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  1. Islamisation of Knowledge: Problems, Principles and Prospective click
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  4. The Balance Sheet of Western Philosophy in this Century click
  5. Man between Two Laws: A Qur’anic Perspective in Understanding Self and Understanding the Other click


Fiscal policy in an Islamic economy and the role of zakat PDF Print E-mail

Mohammed B. Yusoff

This study incorporates zakat into a simple macroeconomic model of an Islamic economy and analyzes the role of zakat in the national income determination. The reduced form aggregate consumption function suggests that the determinants of consumption are: Zakat expenditure, taxes, income and asset holdings of individuals. Zakat could be used as a counter-cyclical policy through discretionary and non-discretionary fiscal policy. Discretionary fiscal policy is carried out by varying the disbursement of zakat to the recipients. During the expansion phase of the business cycle, the government reduces zakat expenditure to close the inflationary gap. This action helps increase the zakat surplus, in the Baitul-Mal. Likewise zakat expenditure could be increased by using the zakat surplus accumulated during the boom periods, when the economy is in the down-swing to spur aggregate spending and economic activities. Therefore, zakat could complement taxation and government spending as tools of stablization policy.  Full text in PDF

Conceptualisation of the second best solution in overcoming the social failure of Islamic banking and finance: Examining the overpowering of homoislamicus by homoeconomicus PDF Print E-mail

Mehmet Asutay

The phenomenal growth of the Islamic banking and finance (IBF) industry has been remarkable since it came into existence just over thirty years ago. However, a closer reading of this positive development indicates that the IBF industry does not necessarily share the aspirations of Islamic economics, which aims at creating a world order in which the moral economy of Islam with its authentic value system can exist. In other words, the Islamic economic system aspires for the development of Islamic economics and financial institutions founded upon homoislamicus, agents concerned about social justice and human-centred economic growth and development. This indeed indicates the divergence between the aspiration of Islamic economics and the world of IBF. After highlighting and analysing the tension areas between the two and the reasons and sources of this apparent divergence, this paper argues that IBF needs to move into its third stage of development through the institutionalisation of social banking as a second best solution in overcoming the social failure of IBF and in creating value-added for capacity building and social justice.  Full text in PDF

A critical appraisal on the challenges of realizing maqasid al-shariaah in Islamic banking and finance PDF Print E-mail

Asyraf Wajdi Dusuki and Abdulazeem Abozaid

Islam harbours an economic vision that holds the key to a social order capable of providing social justice along with economic prosperity. This vision is deeply inscribed in the objectives of shariah, also known as maqasid al-shariah. Consequently the doctrine of Islamic economics entered debates over the social-welfare role of Islam. It has somehow pursued the goal of restructuring economies according to perceived Islamic teachings and principles. Its most visible practical achievement is the establishment of Islamic banks meant to avoid interest and promote Islamic norms of economic behaviour and ultimately realizing the noble objectives of shariah. This paper examines the challenges of the proper realization of maqasid al-shariah in Islamic banking and finance. These challenges cover various issues: the proper understanding of maqasid al-shariah in Islamic economics; the methods of implementing maqasid al-shariah in Islamic banking and finance; the potential conflicts between macro maqasid and micro maqasid; and the possible abuse of maqasid al-shariah to justify certain financial contracts which in fact contradict the shariah texts. The paper analyses these challenges and provides examples from the current practices of Islamic banks and financial institutions.  Full text in PDF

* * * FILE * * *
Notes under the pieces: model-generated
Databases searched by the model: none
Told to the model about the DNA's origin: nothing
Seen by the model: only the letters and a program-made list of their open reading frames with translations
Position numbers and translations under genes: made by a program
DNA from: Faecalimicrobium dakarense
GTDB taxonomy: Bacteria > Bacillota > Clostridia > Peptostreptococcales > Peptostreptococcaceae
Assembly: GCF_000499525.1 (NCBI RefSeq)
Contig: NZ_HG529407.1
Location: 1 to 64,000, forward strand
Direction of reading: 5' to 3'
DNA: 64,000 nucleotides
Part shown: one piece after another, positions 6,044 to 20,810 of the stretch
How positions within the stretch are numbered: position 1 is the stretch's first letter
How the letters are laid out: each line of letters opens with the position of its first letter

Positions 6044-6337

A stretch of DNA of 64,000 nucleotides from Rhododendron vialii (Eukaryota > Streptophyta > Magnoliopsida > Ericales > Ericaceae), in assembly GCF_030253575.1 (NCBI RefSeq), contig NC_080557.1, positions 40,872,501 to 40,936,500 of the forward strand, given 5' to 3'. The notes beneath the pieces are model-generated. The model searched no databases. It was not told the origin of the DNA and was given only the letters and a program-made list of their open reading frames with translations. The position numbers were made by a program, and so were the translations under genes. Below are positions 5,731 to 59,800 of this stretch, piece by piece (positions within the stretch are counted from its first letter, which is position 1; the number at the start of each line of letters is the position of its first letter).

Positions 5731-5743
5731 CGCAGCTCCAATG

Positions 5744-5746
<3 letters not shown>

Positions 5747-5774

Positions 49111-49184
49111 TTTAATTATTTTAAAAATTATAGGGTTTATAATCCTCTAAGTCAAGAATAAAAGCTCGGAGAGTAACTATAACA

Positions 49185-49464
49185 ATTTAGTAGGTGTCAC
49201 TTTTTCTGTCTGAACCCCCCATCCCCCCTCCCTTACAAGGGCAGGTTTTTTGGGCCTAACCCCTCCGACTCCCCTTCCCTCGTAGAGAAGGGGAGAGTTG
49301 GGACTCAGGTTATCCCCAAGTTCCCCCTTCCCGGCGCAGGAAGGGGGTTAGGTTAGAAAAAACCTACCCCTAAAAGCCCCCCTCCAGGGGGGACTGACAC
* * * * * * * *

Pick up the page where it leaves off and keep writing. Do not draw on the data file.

Islamic banking and finance: Between ideals and realities PDF Print E-mail

Abdul Rahim Abdul Rahman

Islamic banking and finance as an industry is growing at an unprecedented rate. Currently, there are about 270 Islamic banks worldwide with a market capitalization in excess of US$13 billion. The assets of Islamic banks worldwide are estimated at more than US$265 billion and financial investments are above US$400 billion. Islamic bank deposits are estimated at over US$202 billion worldwide with an average growth of between 10 and 20 per cent. Furthermore, Islamic bonds are currently estimated at around US$30 billion. In addition, Islamic equity funds are estimated at more than US$3.3 billion worldwide with a growth of more than 25 per cent over seven years and the global Takaful premium is estimated at around US$2 billion.

Islamic finance is founded mainly on the prohibition of riba’. Thus, the main aim of Islamic banking and finance is to provide an Islamic alternative to the conventional system that is based on riba. As an alternative to riba, the profit and loss sharing arrangements are held as an ideal mode of financing in Islamic finance. It is expected that this profit and loss sharing will significantly remove the inequitable distribution of income and wealth and may lead to a more efficient and optimal allocation of resources as compared to the interest-based system.  Thus, it will ensure justice between the parties involved as the return to the bank on finance is dependent on the operational results of the entrepreneur (Siddiqi, 2001).  Full text in PDF

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